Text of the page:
15. Maslin, Janet (2 February 1996). "A Line of Strong Women With Faith in Destiny". The New York Times. Retrieved 4 September 2016.
  16. Thomas, Kevin (2 February 1996). "'Antonia's Line' Draws on Strength of Family, Women". The Los Angeles Times. Retrieved 4 September 2016.
  17. 1 2 3 Guthmann, Edward (14 February 1996). "Antonia's' Tangled Line". San Francisco Chronicle. Retrieved 20 January 2013.
  18. JR (8 October 1998). "The Reader's Guide to the 34th Annual Chicago International Film Festival". Chicago Reader. Retrieved 4 September 2016.
  19. 1 2 Leonard Maltin, ed., Leonard Maltin's 2002 Movie & Video Guide. A Signet Book, 2001, p. 53.
  20. "Antonia (Antonia's Line) (1995)". Rotten Tomatoes. Retrieved 4 October 2016.
  21. McAlister, Linda Lopez (20 April 1996). "Antonia's Line". The Women's Show, WMNF-FM 88.5, Tampa, Florida. Retrieved 20 January 2013.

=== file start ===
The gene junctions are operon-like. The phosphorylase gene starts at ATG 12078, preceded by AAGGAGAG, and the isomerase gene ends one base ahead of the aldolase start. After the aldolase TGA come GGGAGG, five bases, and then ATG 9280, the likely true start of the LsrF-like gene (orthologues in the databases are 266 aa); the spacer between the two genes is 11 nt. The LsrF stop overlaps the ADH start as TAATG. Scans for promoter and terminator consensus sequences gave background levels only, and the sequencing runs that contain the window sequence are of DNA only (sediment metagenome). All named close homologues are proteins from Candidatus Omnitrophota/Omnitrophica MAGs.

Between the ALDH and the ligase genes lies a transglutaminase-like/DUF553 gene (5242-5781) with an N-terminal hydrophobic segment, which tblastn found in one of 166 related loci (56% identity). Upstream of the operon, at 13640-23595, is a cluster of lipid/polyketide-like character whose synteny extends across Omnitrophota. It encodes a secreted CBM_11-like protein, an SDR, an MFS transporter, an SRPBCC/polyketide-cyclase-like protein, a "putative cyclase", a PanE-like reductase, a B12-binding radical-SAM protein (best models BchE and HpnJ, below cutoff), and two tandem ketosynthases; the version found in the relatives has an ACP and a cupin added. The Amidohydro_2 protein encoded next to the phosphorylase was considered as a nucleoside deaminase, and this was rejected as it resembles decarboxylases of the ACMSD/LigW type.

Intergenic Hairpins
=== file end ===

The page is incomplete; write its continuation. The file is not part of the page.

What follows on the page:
22. Smelik, Anneke. "Feminist Film Theory". The Feminist eZine. Retrieved 20 January 2013.
  23. 1 2 Barra, Allen (14 February 1996). "'Antonia's Line' sets a new mark for feminism". San Francisco Chronicle. Retrieved 20 January 2013.
  24. "The 68th Academy Awards (1996) Nominees and Winners". Retrieved 4 October 2015.
  25. "Film Not in the English Language in 1997". British Academy of Film and Television Arts. Retrieved 4 September 2016.
  26. Petrakis, John; Wilmington, Michael (27 October 1995). "`Maborosi' Captures Top Film Fest Prize". Chicago Tribune. Retrieved 4 September 2016.
  27. Blokker, Bas (4 February 1997). "Ellen' nominated for GLAAD Award". United Press International. Retrieved 4 September 2016.
  28. Blokker, Bas (14 April 2004). "Els Dottermans". NRC Handelsblad. Retrieved 4 September 2016.

External links